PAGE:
Methamphetamine is a psychoactive drug that affects the central nervous system. Methamphetamine is white and bitter tasting, unscented, crystalline powder taken with water or alcohol. It is consumed orally, via injections or snorting or through smoking. Methamphetamine is also known as speed, chalk, meth, ice, crystal, crank and glass.
Methamphetamine is obtainable only with a doctor’s prescription as it is a Schedule II drug. Doctors prescribe only a limited amount of dosage due to its abuse.
Effects of Methamphetamine Abuse
Methamphetamine increases the supply of dopamine in the brain, which brings a powerful and intense ecstasy to the addict consuming it. It gives an unknown rush and pleasure.
Methamphetamine functions like many other drugs that liberate and suspend the absorption of dopamine increasing the level of chemicals in the brain. Excessive use of the drug significantly hampers the functionality of the brain. Repeated use of the drug can lead to addiction or abuse, which brings chemical and molecular changes in the brain.
Methamphetamine abuse Signs
Injections and smoking of the drug causes a quick deep sensation and rush. Orally consumed methamphetamine causes a greater high that may last for at least half a day. Increased consumption of methamphetamine can raise the temperature of the body to such a level that can be fatal. It may also cause seizures.
In the long run with the increased use of methamphetamine, the addict experiences hallucinations, mood swings, repetitive motor activity, stroke and weight loss. A person also gets repeatedly paranoid. Addiction to methamphetamine hampers the addict’s dental structure by causing the teeth to erode and decay.
The drug abuser also displays violent behavioral patterns, anxiety, confusion, delusions and insomnia. An addict also tends to reduce his or her meal intakes and sleep. They are unable to resist their desire to consume more drugs. An addict starts to consume the drug more often and may resort to different methods of consumption.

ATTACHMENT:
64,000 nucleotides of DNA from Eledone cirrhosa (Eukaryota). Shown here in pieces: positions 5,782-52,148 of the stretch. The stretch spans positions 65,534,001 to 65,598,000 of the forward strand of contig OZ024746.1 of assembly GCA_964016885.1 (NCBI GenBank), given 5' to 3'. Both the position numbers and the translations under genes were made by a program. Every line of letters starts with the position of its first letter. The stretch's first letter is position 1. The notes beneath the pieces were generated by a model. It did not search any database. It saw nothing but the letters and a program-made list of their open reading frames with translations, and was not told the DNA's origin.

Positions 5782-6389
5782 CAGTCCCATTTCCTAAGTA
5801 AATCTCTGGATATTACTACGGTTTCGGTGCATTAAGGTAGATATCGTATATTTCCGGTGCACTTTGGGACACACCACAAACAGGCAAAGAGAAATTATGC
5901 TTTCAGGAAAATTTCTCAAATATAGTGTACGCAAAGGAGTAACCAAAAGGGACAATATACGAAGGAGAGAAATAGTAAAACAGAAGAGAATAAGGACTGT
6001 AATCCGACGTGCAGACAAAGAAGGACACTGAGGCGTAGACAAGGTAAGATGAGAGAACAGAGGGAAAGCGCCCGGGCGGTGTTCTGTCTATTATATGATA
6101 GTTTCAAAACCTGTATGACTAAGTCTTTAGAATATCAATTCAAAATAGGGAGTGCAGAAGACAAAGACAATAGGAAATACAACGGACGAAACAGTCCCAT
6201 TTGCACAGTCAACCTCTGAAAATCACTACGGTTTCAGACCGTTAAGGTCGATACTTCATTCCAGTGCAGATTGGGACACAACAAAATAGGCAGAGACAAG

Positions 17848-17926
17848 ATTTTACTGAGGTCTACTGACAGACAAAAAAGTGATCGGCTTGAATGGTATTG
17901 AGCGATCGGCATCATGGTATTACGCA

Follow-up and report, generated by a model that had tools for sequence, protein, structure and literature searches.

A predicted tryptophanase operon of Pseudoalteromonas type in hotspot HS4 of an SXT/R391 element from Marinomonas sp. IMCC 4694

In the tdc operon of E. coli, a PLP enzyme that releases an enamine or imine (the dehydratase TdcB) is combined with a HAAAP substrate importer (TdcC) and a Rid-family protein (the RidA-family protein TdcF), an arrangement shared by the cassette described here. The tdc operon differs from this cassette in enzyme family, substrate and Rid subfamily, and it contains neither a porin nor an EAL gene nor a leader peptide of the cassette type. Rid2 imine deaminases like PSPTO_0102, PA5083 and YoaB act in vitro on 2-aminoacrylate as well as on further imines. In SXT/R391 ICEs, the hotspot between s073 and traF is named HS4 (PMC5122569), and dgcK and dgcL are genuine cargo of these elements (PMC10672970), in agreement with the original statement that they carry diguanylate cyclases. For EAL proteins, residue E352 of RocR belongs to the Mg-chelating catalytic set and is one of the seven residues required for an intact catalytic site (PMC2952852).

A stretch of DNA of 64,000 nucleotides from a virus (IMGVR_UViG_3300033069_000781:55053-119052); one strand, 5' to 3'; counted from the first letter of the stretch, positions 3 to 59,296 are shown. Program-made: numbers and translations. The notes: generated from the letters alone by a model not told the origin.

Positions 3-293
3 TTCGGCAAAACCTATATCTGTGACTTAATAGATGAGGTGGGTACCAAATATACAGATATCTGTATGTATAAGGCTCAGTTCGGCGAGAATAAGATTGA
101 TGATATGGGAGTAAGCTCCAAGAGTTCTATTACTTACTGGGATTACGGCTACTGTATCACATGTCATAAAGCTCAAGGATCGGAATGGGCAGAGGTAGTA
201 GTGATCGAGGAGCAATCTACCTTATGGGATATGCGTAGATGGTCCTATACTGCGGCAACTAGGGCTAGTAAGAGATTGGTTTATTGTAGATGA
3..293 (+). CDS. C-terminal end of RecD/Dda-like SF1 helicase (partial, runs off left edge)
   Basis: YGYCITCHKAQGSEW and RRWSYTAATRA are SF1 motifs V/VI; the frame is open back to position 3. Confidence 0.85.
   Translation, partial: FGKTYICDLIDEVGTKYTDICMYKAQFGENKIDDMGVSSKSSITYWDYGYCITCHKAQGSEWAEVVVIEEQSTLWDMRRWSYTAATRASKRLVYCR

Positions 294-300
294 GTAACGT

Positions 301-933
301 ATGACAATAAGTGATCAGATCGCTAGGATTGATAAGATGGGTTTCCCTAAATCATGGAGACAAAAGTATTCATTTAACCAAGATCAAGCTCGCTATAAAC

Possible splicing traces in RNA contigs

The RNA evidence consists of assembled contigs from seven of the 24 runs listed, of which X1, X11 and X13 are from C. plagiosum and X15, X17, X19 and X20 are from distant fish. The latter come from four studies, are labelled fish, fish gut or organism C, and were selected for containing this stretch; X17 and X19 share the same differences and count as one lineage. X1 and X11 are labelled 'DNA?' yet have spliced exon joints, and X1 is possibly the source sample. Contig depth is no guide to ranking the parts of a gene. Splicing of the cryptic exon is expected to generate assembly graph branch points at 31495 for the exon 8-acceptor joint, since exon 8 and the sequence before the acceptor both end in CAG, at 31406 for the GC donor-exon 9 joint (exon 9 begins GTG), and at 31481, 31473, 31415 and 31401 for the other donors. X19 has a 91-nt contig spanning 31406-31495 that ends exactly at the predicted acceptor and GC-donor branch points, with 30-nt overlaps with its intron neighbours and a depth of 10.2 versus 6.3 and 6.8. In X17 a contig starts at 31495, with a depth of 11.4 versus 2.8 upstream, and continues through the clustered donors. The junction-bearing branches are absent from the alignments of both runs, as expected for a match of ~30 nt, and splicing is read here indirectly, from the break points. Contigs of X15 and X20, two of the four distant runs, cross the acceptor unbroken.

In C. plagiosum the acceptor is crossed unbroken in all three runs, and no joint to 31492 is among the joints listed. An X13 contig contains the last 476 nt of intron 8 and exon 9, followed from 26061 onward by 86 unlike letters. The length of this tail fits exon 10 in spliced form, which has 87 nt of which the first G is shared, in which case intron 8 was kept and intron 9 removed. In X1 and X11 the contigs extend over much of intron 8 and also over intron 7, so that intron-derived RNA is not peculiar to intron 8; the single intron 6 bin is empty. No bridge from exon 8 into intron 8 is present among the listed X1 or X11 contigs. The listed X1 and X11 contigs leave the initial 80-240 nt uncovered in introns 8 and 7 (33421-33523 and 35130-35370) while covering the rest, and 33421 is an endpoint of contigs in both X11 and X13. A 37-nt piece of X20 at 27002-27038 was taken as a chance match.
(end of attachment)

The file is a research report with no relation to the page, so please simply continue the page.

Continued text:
An addict’s sense of judgment and behavioral pattern is hampered due to the chronic use of methamphetamine. An abuser may practice unsafe and risky sexual activities. Indiscriminate use of methamphetamine also transmits disease such as HIV and hepatitis B and C. These diseases are transmitted by using the same injections and syringes.
Methamphetamine addicts who are also HIV positive experience neuronal injury and cognitive impairment to a greater extent. Further excessive intake of methamphetamine also leads to a burning sensation in the heart lining, damages the blood vessels and causes skin sores and blisters. It can also cause lead poisoning.
Methamphetamine consumed during pregnancy can result in prenatal complications, premature delivery, neonatal behavioral pattern like abnormal reflexes and extreme irritation. It also leads to congenital deformities. An individual addicted to methhamphetamines will suffer from meth withdrawal symptoms that include depression, anxiety, fatigue, paranoia, aggression, and an intense craving for the drug.
Treatment for Methamphetamine Addiction
The latest and the best treatment available for methamphetamine abuse is cognitive-behavioral interventions that explore an individual’s internal mental state. An addict can also join a support recovery group 800-303-2482 along with the cognitive behavioral interventions. There are no identified pharmaceutical treatments available, however a person with an overdose of methamphetamine can be cooled off in ice baths and may also be given anticonvulsant drugs.
A combined effort and support from family, friends and society also helps the addict. Educating and creating awareness about the drug and its harmful effects can help in saving many lives. The government should also enforce strict laws and regulations to curb the illegal circulation of methamphetamine. As you can see, we can safely say that you should take methamphetamine abuse seriously.